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Venafi Touchpoint Mapping

My Roles and Involvement

User Experience Manager, Project Initiator/Owner

Key Collaborators

Director of Product Management, Director of Professional Services, VP of Marketing, Sr. Customer Support Manager, Sr. Sales Engineer

Venafi needed a touchpoint map of their customers interactions with the company. As I was their first ever UX, product, or service designer, getting this map started was a prime opportunity for me to dig into the current business experience and get the highest level view of what the user and customer presently saw, and we what would like them to see.

Goal

To document and unify the understanding of the current user touchpoints. To unify them in a cohesive journey map for ongoing analysis and iteration between UX, product, and the rest of the company departmental stakeholders.

The primary purpose of having this touchpoint map was for it to serve as the stepping off point for the burgeoning UX focus at Venafi and a place to begin gathering potential persona candidates. The touchpoint map  also serves as the guide for where to act first, the low points, and where to learn from success, the high points.

Project Challenges

Venafi had a wide array of disparate departments that all were high touch with customers, but no comprehensible understanding of what happened at any touchpoint but their own. To complicate things, due to the nature of large scale enterprise software sales and deployment, the handoffs could span weeks, leaving each silo unaware of what was happening before or after their individual touchpoint.

venafi-touchpoint-2

Customer journey mapping

Primary Problems

  • There was no documentation or organization of the Venafi customer touchpoints
  • Stakeholders were dispersed and silod organizationally and geographically
  • Internal knowledge of what happened at each touchpoint was minimal
  • No consistency across company with what the customer saw and expected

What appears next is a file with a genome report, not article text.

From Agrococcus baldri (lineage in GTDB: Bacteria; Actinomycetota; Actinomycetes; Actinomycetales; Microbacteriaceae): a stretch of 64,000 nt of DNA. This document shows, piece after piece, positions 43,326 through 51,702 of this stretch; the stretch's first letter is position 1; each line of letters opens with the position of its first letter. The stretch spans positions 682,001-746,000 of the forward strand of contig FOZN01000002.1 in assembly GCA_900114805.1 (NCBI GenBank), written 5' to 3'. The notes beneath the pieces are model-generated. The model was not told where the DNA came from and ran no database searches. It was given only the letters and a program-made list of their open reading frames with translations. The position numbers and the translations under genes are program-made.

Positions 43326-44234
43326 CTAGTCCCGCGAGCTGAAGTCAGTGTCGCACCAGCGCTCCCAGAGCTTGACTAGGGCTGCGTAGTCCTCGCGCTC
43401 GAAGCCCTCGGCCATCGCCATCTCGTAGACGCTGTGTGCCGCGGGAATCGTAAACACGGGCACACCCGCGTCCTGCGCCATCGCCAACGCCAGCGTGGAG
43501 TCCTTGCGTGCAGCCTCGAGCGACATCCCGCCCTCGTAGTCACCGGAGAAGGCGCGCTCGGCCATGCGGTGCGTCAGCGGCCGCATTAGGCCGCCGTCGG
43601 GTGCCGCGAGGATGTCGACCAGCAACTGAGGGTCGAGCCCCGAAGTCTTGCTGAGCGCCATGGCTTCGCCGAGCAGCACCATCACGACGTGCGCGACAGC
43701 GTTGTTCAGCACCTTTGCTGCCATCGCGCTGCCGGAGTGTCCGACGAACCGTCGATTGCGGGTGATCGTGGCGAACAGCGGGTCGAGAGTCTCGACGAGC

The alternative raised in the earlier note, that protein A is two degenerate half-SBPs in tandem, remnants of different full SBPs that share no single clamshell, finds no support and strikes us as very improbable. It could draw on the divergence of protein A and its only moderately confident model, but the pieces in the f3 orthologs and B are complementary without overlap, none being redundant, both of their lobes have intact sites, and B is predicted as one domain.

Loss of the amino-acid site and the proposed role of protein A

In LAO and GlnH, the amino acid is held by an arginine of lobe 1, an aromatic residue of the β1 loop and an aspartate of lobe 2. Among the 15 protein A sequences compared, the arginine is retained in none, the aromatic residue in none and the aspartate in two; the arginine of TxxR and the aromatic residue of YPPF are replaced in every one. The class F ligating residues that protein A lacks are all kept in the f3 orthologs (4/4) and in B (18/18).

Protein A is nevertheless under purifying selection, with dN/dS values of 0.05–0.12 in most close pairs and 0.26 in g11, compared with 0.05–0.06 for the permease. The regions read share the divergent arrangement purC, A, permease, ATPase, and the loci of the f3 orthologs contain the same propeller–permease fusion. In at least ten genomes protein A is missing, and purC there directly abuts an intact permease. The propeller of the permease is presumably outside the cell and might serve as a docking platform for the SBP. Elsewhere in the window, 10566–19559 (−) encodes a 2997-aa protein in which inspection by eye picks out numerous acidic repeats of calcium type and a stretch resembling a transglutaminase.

• No consistent process for maintaining the user status or presence throughout journey

Solution

Right away, I met with stakeholders from the logical silos of information and constructed the existing topography of the touchpoint map. Our method was to get everything visualized first on a rough sticky note board, and then into an omnigraffle document where we could slowly organize and align the various messy touch points into series of user paths, divergent and convergent. There was no linear path, rather it was a series of nodes with various spurs off of them that could connect to other nodes.

venafi-touchpoint-1

Touchpoint overview and customer flow paths

Documenting current touchpoints, organizing internal stakeholder interviews, creating new touchpoint map and documentation premise, evangelizing and socializing touchpoint map idea and knowledge.

Outcome

The touchpoint map was a big success throughout Venafi. It allowed for all the parties to meet together on a shared understanding of what users experienced as they interacted with the company. It created inroads between silos, and opened everyone’s mind up to the idea of UX and being a user-centered business.

For the UX and product development efforts, the touchpoint analysis and map was our key guide when making decisions on what to tackle next, and which stakeholder to contact when problems were found.

It also served as the basis and external structure for us to start persona research. We had made relationships internally between the departments and the new UX presence within the company throughout the process, and now UX had  mindful allies on all sides.

My Learnings

Building this touchpoint map at Venafi was a goldmine. It let me start the UX initiative on the right foot, having all the stakeholders in agreement of the current state of the customer journey, and what we’d like it to be.

As the company evolved and expanded, our personas helped guide us through the UX product design process, but also kept us grounded in the touchpoint map and how it evolved. The map initially served as a source of new information, and then continued to serve as a literal map for where UX could go to find more missing data, or to bring new findings to the touchpoints in need.